When winemaker Chris Brockway and his partner, Bridget Leary, set out to create a signature Broc Cellars decanter with designer Rafi Ajl, the idea was to make something that elevated the everyday experience of drinking wine. It was their second project with Ajl, whose studio, The Long Confidence, is just down the block from their winery in Berkeley, California. The first was a handblown stubby-stemmed drinking glass conceived in the early days of the pandemic. “It’s casual, it’s not precious, it’s for daily consumption as opposed to an overly delicate experience,” Brockway says. For the decanter, the trio’s design vision focused on a more expected shape, but likewise emphasized its everyday utility. The result is a small, classically contoured decanter—with a wide base and narrow spout that opens outward at the top—constructed of 11 facets that display a scaly texture from the molding process.
A crucial component of Ajl’s approach was to nail the functionality. After all, the purpose of a decanter is to make wine taste true to itself—either by eliminating the sediment (often necessary for an old red wine) or through aeration, which can both soften a wine’s tannins and allow it to develop more complex aromas. For young natural wines, which Broc Cellars specializes in, decanting also serves the purpose of breaking up and releasing carbon dioxide. “We wanted something for younger wines, where you can pour it in, then grab it with your hand and shake it to swirl,” Brockway explains. Still, he says, their decanter can be used for any wine that could use a decant.
For many drinkers, the decanter remains synonymous with fine wine’s fussier proclivities—a sidekick to inaccessible wines and the culture that attends them. In the mid-aughts, this opulence took on an air of the absurd with the advent of showy, sculptural designs, like the Horn and Mamba decanters produced by Riedel, Waterford’s Elegance Accent and, a personal favorite, this $750 jellyfish decanter of dubious utility. Broc Cellars’ decanter, along with a number of other recent designs, indicates a shift away from notions of pretension and performance once prevalent in the industry and toward wine’s more current values of approachability and frankness.
“I think the wine industry as a whole has tried to knock itself off the pedestal and bring itself down to earth,” says winemaker Dan Petroski, of Napa Valley’s Massican. “If you think about what New York City looked like from 2002 to 2007, pre-recession, with the proliferation of fine dining, everything was bolder and more expressive… We’re no longer in the days where all wine was being poured out of a crystal vessel, and I think the concept of a decanter, and its usefulness as part of the wine experience, has changed over time.”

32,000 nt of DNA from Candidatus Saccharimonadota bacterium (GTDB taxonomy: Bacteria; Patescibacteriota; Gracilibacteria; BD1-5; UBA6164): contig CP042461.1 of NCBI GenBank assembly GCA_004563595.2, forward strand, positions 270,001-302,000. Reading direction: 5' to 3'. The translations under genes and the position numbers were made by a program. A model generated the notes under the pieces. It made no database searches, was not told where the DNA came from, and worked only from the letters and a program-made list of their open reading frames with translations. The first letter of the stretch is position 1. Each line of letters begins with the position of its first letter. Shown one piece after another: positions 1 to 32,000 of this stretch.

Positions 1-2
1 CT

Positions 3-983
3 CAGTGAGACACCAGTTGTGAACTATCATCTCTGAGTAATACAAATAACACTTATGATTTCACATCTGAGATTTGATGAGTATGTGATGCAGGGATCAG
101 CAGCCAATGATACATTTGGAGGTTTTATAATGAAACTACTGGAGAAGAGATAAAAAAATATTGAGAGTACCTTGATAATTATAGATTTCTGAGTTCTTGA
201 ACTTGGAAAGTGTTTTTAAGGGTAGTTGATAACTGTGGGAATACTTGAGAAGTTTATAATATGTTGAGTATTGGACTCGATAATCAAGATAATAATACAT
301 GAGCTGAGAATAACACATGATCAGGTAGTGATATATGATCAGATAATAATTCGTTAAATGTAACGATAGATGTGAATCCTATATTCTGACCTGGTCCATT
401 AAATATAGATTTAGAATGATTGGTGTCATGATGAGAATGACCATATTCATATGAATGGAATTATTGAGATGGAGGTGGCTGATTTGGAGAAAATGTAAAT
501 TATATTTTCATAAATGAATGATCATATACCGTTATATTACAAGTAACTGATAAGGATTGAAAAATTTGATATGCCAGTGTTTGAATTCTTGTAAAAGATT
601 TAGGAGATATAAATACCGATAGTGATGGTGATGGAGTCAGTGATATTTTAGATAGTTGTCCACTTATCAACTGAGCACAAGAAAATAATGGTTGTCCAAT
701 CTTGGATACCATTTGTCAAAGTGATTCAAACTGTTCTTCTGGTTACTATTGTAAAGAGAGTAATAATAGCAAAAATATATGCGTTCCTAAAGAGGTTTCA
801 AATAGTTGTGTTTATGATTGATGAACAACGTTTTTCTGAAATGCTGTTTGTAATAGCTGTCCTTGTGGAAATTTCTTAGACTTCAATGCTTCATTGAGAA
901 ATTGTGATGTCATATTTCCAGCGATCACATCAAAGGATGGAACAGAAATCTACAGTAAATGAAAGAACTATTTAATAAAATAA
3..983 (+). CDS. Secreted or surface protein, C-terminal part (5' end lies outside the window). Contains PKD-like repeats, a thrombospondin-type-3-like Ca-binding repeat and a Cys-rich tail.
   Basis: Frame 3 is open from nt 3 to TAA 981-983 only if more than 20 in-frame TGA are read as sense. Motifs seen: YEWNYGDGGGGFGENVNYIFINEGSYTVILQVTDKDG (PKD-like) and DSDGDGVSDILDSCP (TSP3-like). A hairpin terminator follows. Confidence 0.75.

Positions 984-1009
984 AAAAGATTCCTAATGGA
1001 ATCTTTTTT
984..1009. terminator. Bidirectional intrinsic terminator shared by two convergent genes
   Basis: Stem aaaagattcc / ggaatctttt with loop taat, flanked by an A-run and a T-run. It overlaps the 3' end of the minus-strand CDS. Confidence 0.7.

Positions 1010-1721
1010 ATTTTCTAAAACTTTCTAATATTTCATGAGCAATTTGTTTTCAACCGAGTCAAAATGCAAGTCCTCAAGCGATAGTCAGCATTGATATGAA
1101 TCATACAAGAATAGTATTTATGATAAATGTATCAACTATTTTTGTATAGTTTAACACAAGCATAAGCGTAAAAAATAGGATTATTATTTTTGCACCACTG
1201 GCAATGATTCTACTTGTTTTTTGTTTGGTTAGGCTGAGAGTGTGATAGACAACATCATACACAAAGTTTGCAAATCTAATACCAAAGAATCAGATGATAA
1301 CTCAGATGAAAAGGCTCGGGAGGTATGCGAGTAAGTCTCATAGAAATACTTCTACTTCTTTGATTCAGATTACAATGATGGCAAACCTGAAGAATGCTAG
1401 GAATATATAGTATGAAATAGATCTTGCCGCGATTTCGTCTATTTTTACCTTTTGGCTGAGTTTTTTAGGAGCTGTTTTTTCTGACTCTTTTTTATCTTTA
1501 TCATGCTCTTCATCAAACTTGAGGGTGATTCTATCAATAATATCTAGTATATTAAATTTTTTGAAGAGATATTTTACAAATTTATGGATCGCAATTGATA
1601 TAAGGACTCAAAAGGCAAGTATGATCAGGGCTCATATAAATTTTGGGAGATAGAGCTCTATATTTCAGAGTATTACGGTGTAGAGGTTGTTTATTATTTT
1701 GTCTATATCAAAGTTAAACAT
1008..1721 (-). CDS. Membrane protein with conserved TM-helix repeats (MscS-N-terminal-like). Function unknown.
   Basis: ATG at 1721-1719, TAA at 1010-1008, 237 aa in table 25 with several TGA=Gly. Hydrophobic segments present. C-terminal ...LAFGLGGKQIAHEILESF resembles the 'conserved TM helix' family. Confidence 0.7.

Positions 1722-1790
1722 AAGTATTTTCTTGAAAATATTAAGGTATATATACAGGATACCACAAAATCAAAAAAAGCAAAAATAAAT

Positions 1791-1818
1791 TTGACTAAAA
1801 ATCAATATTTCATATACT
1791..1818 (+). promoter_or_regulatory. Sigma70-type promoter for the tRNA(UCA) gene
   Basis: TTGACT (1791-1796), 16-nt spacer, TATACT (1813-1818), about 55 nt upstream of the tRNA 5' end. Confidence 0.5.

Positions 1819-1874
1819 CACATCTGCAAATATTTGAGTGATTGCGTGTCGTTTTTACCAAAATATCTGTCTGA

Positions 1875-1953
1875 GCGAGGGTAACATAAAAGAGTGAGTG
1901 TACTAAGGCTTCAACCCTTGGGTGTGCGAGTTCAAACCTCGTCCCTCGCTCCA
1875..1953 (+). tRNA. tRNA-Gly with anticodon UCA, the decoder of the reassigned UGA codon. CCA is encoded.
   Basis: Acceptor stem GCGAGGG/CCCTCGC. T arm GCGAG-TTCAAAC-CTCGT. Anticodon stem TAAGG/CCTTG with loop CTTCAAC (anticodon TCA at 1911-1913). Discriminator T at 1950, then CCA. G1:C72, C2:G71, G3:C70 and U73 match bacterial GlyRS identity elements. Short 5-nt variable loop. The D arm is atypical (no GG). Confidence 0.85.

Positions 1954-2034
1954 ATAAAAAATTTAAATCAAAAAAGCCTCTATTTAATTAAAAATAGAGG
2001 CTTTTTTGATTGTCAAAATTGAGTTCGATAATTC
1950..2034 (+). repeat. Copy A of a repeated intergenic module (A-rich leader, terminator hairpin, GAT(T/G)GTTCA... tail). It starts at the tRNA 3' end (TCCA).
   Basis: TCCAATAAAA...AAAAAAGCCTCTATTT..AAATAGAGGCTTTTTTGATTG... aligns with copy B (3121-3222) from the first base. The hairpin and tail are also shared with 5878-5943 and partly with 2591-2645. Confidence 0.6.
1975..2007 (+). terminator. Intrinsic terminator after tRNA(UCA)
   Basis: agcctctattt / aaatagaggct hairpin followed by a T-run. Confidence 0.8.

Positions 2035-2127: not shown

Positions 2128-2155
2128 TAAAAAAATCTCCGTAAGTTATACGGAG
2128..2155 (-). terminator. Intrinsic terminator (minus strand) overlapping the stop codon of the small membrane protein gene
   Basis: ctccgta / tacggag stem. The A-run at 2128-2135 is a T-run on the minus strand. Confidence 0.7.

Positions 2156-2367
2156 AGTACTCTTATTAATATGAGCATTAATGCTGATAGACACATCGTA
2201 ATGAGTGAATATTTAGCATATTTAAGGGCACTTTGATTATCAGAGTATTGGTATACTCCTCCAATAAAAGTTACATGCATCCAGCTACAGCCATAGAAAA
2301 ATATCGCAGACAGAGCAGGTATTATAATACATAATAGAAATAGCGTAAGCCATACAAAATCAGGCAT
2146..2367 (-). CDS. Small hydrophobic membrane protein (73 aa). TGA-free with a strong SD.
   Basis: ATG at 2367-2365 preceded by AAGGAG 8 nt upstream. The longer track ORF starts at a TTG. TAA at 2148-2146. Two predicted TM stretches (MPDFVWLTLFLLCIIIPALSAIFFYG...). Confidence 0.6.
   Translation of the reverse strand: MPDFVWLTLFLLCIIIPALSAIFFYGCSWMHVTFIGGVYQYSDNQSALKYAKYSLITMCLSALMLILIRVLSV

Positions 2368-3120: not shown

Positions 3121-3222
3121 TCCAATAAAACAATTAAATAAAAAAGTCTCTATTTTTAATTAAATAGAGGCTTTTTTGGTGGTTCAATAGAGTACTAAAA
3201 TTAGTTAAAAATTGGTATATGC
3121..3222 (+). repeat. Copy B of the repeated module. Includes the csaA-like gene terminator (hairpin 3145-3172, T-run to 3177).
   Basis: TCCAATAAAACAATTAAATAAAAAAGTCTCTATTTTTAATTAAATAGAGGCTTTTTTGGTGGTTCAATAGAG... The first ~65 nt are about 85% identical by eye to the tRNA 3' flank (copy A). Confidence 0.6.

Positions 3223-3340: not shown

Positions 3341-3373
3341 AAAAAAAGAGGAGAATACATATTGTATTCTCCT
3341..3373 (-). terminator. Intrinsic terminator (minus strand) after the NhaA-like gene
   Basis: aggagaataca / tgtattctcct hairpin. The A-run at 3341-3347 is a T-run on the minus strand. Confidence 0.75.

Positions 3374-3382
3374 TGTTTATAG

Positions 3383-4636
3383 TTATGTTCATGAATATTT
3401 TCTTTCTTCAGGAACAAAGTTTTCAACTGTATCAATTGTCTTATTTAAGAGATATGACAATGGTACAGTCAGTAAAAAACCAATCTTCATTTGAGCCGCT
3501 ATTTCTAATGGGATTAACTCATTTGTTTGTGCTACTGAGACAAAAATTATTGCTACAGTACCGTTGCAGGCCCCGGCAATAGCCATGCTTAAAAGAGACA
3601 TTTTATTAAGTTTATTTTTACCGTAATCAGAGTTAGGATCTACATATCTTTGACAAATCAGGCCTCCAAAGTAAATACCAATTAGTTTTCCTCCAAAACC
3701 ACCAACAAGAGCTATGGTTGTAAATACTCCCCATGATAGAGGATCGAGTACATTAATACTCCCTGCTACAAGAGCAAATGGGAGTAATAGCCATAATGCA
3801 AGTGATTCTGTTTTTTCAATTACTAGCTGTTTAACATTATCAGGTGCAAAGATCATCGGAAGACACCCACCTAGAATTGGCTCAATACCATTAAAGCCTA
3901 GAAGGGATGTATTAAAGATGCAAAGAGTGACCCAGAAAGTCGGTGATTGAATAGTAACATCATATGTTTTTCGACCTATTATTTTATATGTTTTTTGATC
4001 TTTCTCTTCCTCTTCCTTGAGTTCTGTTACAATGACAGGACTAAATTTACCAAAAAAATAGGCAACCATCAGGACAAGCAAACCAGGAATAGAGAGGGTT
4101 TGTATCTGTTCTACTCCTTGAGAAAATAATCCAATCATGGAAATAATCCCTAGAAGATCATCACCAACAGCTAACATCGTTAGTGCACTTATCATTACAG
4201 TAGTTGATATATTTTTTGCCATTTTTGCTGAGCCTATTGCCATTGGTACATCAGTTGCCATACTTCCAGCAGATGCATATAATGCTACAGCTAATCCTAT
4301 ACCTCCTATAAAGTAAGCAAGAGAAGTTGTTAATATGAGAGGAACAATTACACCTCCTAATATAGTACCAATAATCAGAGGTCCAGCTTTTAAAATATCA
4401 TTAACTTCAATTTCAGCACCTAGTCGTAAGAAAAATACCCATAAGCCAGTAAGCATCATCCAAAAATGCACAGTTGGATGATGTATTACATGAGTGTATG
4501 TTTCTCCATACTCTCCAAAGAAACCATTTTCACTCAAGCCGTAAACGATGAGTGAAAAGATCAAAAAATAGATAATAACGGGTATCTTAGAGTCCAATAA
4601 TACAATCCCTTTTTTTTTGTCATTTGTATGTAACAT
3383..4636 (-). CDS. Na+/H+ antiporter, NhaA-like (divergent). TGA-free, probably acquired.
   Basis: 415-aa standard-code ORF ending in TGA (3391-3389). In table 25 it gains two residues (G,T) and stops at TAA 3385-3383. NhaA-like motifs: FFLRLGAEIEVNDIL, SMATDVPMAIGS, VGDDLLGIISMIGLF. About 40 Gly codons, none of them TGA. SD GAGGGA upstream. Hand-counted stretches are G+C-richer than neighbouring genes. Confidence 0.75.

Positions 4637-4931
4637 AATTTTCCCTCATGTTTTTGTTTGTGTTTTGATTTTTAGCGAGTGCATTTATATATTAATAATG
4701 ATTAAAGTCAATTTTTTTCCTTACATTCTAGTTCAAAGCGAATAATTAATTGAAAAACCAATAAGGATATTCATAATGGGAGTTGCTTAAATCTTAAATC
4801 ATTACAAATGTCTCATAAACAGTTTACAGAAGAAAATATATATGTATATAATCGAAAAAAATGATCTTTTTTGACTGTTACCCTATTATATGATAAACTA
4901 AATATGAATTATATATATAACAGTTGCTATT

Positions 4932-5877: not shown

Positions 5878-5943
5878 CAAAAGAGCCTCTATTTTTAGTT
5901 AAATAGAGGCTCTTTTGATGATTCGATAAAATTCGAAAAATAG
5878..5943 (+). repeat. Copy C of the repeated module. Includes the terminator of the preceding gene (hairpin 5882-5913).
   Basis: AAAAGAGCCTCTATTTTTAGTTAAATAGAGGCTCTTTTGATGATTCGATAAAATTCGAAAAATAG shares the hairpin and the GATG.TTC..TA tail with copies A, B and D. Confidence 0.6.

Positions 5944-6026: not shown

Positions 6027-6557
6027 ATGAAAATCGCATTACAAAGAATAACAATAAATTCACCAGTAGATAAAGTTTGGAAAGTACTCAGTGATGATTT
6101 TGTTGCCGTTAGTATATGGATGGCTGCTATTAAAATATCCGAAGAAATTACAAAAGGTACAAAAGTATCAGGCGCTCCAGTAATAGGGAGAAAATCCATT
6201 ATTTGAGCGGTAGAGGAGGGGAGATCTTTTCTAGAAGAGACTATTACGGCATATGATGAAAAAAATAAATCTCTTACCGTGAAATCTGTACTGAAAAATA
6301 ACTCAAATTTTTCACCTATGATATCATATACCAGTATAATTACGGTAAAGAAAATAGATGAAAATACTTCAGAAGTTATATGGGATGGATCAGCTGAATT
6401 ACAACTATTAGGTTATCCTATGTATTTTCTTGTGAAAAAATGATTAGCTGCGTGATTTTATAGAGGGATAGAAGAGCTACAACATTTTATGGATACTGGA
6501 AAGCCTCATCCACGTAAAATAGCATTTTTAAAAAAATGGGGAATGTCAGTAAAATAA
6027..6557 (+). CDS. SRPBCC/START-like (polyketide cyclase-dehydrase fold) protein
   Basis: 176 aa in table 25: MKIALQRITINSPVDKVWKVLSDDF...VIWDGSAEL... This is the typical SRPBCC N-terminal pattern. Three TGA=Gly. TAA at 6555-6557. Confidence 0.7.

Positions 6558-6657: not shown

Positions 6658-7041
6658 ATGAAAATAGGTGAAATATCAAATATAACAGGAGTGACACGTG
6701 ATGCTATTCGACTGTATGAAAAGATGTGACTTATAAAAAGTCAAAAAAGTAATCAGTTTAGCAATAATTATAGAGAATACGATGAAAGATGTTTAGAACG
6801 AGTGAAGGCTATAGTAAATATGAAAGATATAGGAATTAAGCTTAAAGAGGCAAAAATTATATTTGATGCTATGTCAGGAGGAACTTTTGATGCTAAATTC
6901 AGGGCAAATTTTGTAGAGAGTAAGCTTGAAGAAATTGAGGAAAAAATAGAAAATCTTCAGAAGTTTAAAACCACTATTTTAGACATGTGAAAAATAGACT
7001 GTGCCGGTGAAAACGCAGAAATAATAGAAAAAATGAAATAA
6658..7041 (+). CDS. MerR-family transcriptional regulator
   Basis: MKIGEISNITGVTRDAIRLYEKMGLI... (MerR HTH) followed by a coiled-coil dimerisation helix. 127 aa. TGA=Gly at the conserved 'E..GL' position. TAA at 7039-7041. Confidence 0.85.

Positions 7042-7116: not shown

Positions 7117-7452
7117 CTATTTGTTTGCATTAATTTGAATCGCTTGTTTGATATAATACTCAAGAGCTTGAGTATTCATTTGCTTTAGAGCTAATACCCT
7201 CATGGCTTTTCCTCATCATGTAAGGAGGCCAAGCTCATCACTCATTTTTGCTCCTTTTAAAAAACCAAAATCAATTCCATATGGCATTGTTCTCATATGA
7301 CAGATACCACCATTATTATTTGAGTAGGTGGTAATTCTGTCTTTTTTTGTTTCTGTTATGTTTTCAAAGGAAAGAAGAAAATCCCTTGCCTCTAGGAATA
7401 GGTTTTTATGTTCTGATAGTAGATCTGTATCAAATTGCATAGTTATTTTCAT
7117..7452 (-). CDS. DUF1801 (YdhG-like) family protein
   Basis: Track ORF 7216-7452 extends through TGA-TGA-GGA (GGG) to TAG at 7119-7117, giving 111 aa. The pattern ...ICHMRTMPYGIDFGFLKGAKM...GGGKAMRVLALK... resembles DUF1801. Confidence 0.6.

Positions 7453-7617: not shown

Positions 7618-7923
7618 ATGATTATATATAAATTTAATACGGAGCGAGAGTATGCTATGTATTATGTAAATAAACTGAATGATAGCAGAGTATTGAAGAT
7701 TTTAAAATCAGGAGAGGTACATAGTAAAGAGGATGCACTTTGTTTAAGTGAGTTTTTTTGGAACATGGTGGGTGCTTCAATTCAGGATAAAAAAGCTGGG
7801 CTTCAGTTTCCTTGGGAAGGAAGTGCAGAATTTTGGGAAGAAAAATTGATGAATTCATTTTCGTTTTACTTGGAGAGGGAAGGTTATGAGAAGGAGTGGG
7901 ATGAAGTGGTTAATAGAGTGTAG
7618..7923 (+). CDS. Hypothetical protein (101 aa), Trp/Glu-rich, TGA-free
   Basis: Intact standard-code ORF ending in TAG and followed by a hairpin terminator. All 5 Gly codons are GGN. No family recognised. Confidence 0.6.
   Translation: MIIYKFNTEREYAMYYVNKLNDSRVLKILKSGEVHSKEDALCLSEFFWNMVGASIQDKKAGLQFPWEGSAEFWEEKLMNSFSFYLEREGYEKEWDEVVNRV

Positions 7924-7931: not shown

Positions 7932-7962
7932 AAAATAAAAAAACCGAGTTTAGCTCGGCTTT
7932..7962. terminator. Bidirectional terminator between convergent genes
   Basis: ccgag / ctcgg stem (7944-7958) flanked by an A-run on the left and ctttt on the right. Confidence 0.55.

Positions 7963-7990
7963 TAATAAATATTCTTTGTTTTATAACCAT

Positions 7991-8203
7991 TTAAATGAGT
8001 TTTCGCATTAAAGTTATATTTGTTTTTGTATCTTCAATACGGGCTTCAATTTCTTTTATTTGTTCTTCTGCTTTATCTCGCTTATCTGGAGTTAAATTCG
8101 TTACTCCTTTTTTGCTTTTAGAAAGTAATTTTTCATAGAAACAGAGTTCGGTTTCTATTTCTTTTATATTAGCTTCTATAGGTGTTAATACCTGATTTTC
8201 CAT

Jancis Robinson, in collaboration with designer Richard Brendon, recently released a pair of Old and Young Wine Decanters that, although hardly quotidian in price, likewise illustrate a prioritization of practicality. In an article on her website, Robinson explains that her design intent for the decanters was to complement the shape of her and Brendon’s streamlined wine glass. The Young Wine decanter maximizes “the surface area of the wine and [provides] an ideal way of aerating the wine: seizing the neck and swirling it around,” she writes, while the design for old wines is “a much narrower, less generous decanter,” to separate sediment while minimizing contact with air.
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Compared with the sleek designs of, say, Zalto’s minimal, elegant carafes and Robinson’s Old and Young decanters, the Broc Cellars decanter is more baroque in form. Still, its sturdy structure is built with artifice-free utility in mind; you’re meant to pick it up by the neck and shake the contents, after all. The design was informed by Brockway and Leary’s favorite antique decanter, which has an etched bottom and a ridged spout, in addition to a straight-necked flower vase they have at home. “Whether or not we’re using the decanter, we leave ours on the table—it’s kind of like a piece of art,” Leary says. The facets of the glass emanate crystalline shadows when showered with light. In this way, it moonlights as a showpiece, but one that invokes a quiet, homespun beauty as opposed to the shock and awe of the sculptural decanters of the mid-aughts. “We worked within an overall traditional form language, but then [added] our own personal, surprising elements to create moments that are new and unconventional,” Ajl explains.
The journalist and prominent natural wine advocate Alice Feiring maintains that regardless of its function, the decanter’s primary purpose will always be aesthetic, no matter how practical the design is. “We’re really talking about something that looks good on the table because a lot of things that you have in your household could perform the basic function of a decanter, which is air, and, depending on the opening at the top, how much air you want to introduce,” she says. She cites Riedel’s more simplistic Cabernet decanter and Zalto’s carafes as being driven by function while still bearing a “beautiful, simple design.” Petroski also loves the Zalto decanters for the way they occupy the same footprint on the table as a bottle of wine. He suggests that for the decanter to find a place on the modern table, it must not only respond to a shift in wine culture’s values, but also the predominant aesthetic of home goods, which now favors the subtle elegance of clean lines, hand-crafted ceramics and natural tones.
“All of my nice, fancy decanters that I bought 15 to 20 years ago that have these long necks and kind of bulbous bottoms, they all sit in the garage right now,” Petroski says. “Don’t get me wrong, I love the beauty of really fancy decanters, but when your plateware and your bowls are ceramic, do you need something that just came out of Downton Abbey?”